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New Year, New Risky Apps Every Parent Should Know About

 

Teen Smartphone

The world has become a scary place. It’s changed so much since I was a child. Back in the day we didn’t have cellphones. We would leave our homes at sun-up and know that we had to be home when the sun went down (where I lived there were no street lights). Parents pretty much had no clue where you were all day long. They trusted that you were safe where ever you were.

We didn’t have child safe caps on medicine bottles, we didn’t wear helmets when we rode our bikes – even car seats were not really a thing. Some how we survived. But that was then. These days there are a lot more things to worry about, especially when it comes to children.

One of the biggest concerns with today’s youth is technology and social media. There was a time when you had to be 13 before you were allowed to have a Facebook account. Now a days I see elementary school children with Twitter and Instagram accounts.

I work with elementary school children and they tell me about apps that even my teenagers are not aware of. That just blows my mind! Just the other day the kids I work with were telling me about an app called Music.ly. I asked my high school and college aged children if they heard of the app and they both said “no.”

Today’s technology – most especially social media and apps – make the world a much more dangerous place for children and teens.

There are even some apps that hide things so that parents cannot find them. That is really scary.

My kids are 16 and almost 19 years old. We pay for their cellphones. As long as we pay for them they are not allowed to download any apps without our permission – even a teens. We want to know what are kids are doing at all times. It’s not that we don’t trust them (we do) – it’s other people we worry about.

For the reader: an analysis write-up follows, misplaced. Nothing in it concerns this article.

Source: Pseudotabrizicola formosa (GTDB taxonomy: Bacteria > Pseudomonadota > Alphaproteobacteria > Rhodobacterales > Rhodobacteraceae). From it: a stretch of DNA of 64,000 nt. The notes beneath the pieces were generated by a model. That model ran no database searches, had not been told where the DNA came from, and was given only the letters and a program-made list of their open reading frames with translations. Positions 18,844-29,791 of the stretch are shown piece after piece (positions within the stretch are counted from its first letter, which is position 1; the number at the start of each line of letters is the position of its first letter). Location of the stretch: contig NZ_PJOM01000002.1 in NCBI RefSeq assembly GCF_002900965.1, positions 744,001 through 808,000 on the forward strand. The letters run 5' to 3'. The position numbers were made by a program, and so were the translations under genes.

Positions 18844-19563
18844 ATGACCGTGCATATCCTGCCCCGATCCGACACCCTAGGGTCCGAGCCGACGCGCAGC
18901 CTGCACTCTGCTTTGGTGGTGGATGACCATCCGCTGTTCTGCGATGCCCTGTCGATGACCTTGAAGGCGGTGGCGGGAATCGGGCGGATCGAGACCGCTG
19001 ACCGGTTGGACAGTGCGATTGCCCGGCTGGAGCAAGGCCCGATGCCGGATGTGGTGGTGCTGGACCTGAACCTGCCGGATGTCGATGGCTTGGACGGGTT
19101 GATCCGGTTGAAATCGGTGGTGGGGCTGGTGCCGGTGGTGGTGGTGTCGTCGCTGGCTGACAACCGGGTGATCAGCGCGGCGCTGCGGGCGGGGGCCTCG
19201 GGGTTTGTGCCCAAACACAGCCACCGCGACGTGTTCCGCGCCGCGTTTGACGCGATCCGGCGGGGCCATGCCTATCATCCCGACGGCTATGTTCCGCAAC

TeenSafe, the world’s leading parental monitoring technology service, has released an infographic on this topic, including the “Top 5 Blacklist Apps” that parents should be on the lookout for. Here’s the breakdown:

Snapchat: One of the most popular apps for sexting among teens. Sexts can be saved even though they are supposed to disappear.

Kik Messenger: Tweens and teens also Kik to send sexts. Predators can contact your child via Kik and send unsolicited sexts.

Tinder: No age verification means your child could be “matched” with adults on this popular dating app. Tinder has had security breaches that exposed user data and location.

Blendr: There are no age requirements for this dating app, allowing adults to contact children. GPS features can reveal the location of your child to diligent predators.

Down: Lets a user sort Facebook friends they are “down” to hook up with. It perpetuates “hookup” culture among young teens.

Below is an infographic with more important information all parents should be aware of.

TeenSafe-2016AppBlacklistD2-b

Are YOU aware of these apps and their harmful potential?

Even apps (sites) such as Facebook, Twitter and Instagram can put your child at risk.

Did you know that if your child/teen has “location” set up on their smart phone and upload photos to Instagram, ANYONE who follows your child can see where the photos were uploaded via the app. If your child uploads a lot of photos while at home or school those locations will appear on Instagram making it easy to track down where your child lives and goes to school.

Scary stuff!

Are there any other applications you are aware of that could be harmful for children/teens? If so, please leave a comment and tell me and others about them.

Child Smartphone

Kimberly

*I was not compensated for this post. I posted this for the benefit of my site readers. Any opinions expressed are my own and not influenced in any way. 

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About Kimberly

Kimberly Vetrano resides in the suburbs of New York City with her family and "mini zoo" consisting of five cats, a dog and a Goldfish. Kimberly is a teacher's assistant for a Kindergarten class. When she is not working or blogging, Kimberly enjoys taking photos of nature and hanging out with family and friends.

Comments

  1. This makes me so glad I don’t have kids. I grew up in the times you mention when car seats and seatbelts were not required.